The first metric, dynamic weighted power metric routing (DWP), applies dynamic weighting on the power aware routing metric of a link every time it is selected. The proposed dynamic metric sequentially penalizes those nodes that have been used as relaying before, hence avoid the creation of nodes with many relaying flows. The second metric, adaptive load aware power metric routing (ALAP), introduces the traffic load information into the power aware routing metric. Current traffic load information is considered as a predictor for possible bottleneck nodes in the next iteration. According to the bottleneck predictor, heavier costs are assigned to the possible bottleneck nodes. Thus, they have less chance to be selected by routing at the next step, and are unlikely to become bottleneck nodes. Our simulation results show that implementation of the joint power control-routing algorithm with these two new metrics, results in higher throughput than the algorithm presented in [3], at the expense of a slightly increased energy per bit consumption. Comparing the two proposed metrics, we find that DMP gives better performance than ALAP in throughput, while ALAP is more energy efficient. The rest of this paper is organized as follows. In Section II, we present the system model on which our analysis is based. Section III describes the energy efficient joint power control and routing algorithm with and without throughput constraints. Finally, simulation results are presented in section IV, followed by conclusions in section V. II. S YSTEM M ODEL We consider an ad hoc network consisting of N mobile nodes. For simulation purpose, the nodes are assumed to have a uniform stationary distribution over a square area, of dimension D∗ × D∗ , but this is not a necessary assumption for the analysis. The multi-access scheme is synchronous directsequence CDMA (DS-CDMA) and all nodes use independent, randomly generated and normalized spreading sequences of length L. The transmitted bits are detected using a matched filter receiver. Each terminal j has a transmission power Pj which will be iteratively and distributively adapted according to the current network configuration. The traffic can be relayed through intermediate nodes. It is assumed that each node generates traffic to be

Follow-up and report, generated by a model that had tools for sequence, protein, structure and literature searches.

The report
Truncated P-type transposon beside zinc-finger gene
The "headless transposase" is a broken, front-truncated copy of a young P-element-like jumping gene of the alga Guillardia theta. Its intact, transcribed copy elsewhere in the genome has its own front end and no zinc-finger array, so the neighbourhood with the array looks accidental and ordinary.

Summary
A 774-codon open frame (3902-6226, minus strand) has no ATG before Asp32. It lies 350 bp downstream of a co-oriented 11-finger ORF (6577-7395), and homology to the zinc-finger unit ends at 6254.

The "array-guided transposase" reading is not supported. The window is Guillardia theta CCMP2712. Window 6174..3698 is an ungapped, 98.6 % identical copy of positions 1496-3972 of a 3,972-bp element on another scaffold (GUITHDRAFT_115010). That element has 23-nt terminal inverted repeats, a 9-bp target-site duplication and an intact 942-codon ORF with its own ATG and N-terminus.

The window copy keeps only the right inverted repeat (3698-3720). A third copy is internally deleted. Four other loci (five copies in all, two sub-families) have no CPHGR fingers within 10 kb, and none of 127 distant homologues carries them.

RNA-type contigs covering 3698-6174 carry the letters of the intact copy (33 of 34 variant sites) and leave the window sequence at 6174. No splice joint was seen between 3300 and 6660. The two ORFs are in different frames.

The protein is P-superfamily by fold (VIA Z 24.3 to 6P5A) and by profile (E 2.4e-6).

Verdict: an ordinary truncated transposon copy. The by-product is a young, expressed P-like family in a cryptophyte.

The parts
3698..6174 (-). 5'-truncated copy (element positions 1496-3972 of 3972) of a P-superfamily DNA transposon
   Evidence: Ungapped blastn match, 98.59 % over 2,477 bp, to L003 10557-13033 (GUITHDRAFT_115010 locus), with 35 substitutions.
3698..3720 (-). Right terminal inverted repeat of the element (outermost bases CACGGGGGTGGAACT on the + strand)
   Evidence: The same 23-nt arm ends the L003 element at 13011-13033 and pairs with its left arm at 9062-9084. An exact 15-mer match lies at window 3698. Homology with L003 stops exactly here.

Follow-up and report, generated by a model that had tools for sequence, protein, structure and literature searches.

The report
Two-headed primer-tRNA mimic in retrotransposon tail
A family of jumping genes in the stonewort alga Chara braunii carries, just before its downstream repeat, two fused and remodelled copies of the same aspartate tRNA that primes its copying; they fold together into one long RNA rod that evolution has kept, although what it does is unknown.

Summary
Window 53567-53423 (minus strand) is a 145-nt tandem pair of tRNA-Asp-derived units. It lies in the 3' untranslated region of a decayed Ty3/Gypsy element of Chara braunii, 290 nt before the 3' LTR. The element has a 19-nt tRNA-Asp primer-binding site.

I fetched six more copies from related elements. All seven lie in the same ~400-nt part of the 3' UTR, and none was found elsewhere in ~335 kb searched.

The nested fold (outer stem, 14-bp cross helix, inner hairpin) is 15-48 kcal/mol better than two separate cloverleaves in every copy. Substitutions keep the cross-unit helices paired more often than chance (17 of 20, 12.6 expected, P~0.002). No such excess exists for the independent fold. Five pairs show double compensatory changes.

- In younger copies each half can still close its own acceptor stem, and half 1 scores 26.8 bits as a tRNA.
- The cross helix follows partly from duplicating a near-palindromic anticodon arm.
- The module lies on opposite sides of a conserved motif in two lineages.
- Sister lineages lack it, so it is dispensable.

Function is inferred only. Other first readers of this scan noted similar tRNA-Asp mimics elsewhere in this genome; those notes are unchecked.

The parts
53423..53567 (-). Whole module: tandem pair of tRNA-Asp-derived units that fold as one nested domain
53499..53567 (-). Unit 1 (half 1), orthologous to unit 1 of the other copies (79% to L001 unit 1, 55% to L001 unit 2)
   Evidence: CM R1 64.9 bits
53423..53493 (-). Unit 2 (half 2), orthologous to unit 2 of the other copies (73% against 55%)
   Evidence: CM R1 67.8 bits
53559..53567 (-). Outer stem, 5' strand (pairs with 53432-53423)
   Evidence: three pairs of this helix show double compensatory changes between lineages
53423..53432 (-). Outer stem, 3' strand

transmitted towards a randomly chosen destination node. If traffic is relayed by a particular node, the transmissions for different sessions at that node are time multiplexed. We define the link Quality of Service (QoS) measure for one terminal (say j) to be the energy consumed for the correct transmission of an information bit, Ebj [3], [8]: Ebj =

M Pj , mRPc (γ)

(1)

By minimization of (1), we can get the optimal target SIR, γ ∗ . Therefore, a link has maximal utility, and operates at minimal energy-per-bit, if the SIR achieved on that particular link is γ ∗ . For the numerical results, we have considered a system employing non-coherent frequency-shiftkeying (FSK) modulation, for which the BER is given by 1 γ BER = e− 2 . 2

(2)

III. E NERGY E FFICIENT J OINT P OWER C ONTROL AND ROUTING In the previous section we showed that to obtaim minimum energy-per-bit consumption for a transmission on a given link, a target SIR requirement of γ ∗ should be imposed. The achievable link SIR depends on the transmission powers for all nodes. Since it can be shown that γ ∗ is a global minimum of the energy function, if SIR 6= γ ∗ the system overspends energy for the transmission. Specifically, if SIR < γ ∗ many retransmissions are required which also affects the throughput and the transmission delay of the link. On the other hand, if SIR > γ ∗ , the surplus gain achieved by a better SIR is overcome by a high required transmission power. Taking into account the above considerations we express the link QoS requirement for an arbitrary link (i, j), i, j = 1, 2, ..., N as SIR(i,j) ≥ γ ∗ , ∀(i, j) ∈ Sar ,

(3)

where Sar is the set of active links for the current routing configuration r, obtained using the routing protocol. The joint optimization problem at the

Initial distribution of powers and routes